By Kerry Max Cook
REVIEWED BY CAROLINE LEAVITT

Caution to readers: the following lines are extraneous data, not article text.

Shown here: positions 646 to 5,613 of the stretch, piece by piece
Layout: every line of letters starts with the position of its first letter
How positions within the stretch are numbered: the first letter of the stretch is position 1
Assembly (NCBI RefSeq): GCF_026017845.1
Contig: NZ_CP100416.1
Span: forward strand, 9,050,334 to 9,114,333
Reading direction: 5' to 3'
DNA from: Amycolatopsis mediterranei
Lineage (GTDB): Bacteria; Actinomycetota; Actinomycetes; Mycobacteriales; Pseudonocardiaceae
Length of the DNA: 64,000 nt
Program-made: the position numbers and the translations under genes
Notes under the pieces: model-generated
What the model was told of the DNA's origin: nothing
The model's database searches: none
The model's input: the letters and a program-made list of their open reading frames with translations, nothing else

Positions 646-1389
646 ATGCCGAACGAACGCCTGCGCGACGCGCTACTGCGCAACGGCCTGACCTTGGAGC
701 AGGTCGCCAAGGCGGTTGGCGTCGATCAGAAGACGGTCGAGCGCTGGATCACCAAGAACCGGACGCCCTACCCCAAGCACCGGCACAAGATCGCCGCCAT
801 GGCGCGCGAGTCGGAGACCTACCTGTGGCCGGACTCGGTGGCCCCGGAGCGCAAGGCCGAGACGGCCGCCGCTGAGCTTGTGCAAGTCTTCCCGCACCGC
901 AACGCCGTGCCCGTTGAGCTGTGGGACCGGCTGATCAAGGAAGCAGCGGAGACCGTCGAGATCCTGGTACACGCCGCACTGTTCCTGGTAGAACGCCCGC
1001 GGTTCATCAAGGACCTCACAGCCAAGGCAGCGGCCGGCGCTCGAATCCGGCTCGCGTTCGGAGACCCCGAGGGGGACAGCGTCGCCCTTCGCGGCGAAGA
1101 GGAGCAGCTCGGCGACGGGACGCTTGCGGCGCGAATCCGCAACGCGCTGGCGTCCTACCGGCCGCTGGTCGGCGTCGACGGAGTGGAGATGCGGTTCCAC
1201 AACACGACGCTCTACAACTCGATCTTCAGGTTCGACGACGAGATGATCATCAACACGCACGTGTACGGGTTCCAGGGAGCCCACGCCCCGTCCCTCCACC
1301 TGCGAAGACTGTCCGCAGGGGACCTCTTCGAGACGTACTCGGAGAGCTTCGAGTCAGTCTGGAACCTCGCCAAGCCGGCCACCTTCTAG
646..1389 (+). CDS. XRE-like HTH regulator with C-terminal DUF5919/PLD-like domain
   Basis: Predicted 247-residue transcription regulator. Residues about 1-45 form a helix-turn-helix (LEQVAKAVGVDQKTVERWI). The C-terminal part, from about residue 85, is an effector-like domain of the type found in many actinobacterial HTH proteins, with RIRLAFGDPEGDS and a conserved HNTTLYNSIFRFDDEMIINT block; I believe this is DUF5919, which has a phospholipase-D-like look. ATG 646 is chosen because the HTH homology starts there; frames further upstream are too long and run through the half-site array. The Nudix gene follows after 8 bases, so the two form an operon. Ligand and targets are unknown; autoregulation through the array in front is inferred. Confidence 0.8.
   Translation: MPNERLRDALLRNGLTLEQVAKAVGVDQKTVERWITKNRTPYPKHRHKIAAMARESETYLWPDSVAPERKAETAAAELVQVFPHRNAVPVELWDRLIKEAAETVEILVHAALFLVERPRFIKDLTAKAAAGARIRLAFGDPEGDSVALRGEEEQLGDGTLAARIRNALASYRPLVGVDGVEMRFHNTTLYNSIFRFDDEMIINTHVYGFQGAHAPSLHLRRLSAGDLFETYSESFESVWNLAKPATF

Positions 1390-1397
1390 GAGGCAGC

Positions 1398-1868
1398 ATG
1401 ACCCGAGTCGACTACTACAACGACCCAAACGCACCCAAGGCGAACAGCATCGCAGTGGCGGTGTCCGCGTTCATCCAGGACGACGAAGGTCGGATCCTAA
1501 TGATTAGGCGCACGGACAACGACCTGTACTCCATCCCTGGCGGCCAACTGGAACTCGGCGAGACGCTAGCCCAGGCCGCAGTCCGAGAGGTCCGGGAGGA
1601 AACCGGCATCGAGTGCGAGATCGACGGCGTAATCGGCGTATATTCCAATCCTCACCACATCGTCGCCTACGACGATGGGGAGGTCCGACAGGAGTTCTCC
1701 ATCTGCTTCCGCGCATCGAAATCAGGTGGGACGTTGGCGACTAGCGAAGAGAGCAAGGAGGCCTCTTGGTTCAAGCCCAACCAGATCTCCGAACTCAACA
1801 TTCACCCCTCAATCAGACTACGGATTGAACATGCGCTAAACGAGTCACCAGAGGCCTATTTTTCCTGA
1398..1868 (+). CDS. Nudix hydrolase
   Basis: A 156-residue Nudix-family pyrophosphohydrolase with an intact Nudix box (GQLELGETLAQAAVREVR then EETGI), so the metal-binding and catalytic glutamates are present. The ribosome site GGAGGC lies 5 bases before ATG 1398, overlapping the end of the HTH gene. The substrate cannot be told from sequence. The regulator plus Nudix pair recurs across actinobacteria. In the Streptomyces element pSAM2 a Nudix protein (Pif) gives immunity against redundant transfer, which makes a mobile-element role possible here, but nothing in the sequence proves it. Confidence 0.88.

In a Kafkaesque tale, Cook recounts his 22 years in prison for a crime he didn’t commit. In 1977, after his fingerprint was found at the scene of the rape, murder and mutilation of a woman he vaguely knew, the 20-year-old Texas bartender was charged with the crime. Police, prosecutors and judges railroaded Cook into a murder conviction, landing him on Texas’s brutal death row. But Cook never gave up. In ’99, four trials later, with new legal help and DNA evidence, he was released. Amazingly free of bitterness, Cook is now a father and passionate advocate for legal reform; his struggle was featured in the film The Exonerated. Although the writing is clunky, Cook’s tale is so gripping that only a heart of steel won’t break after reading it.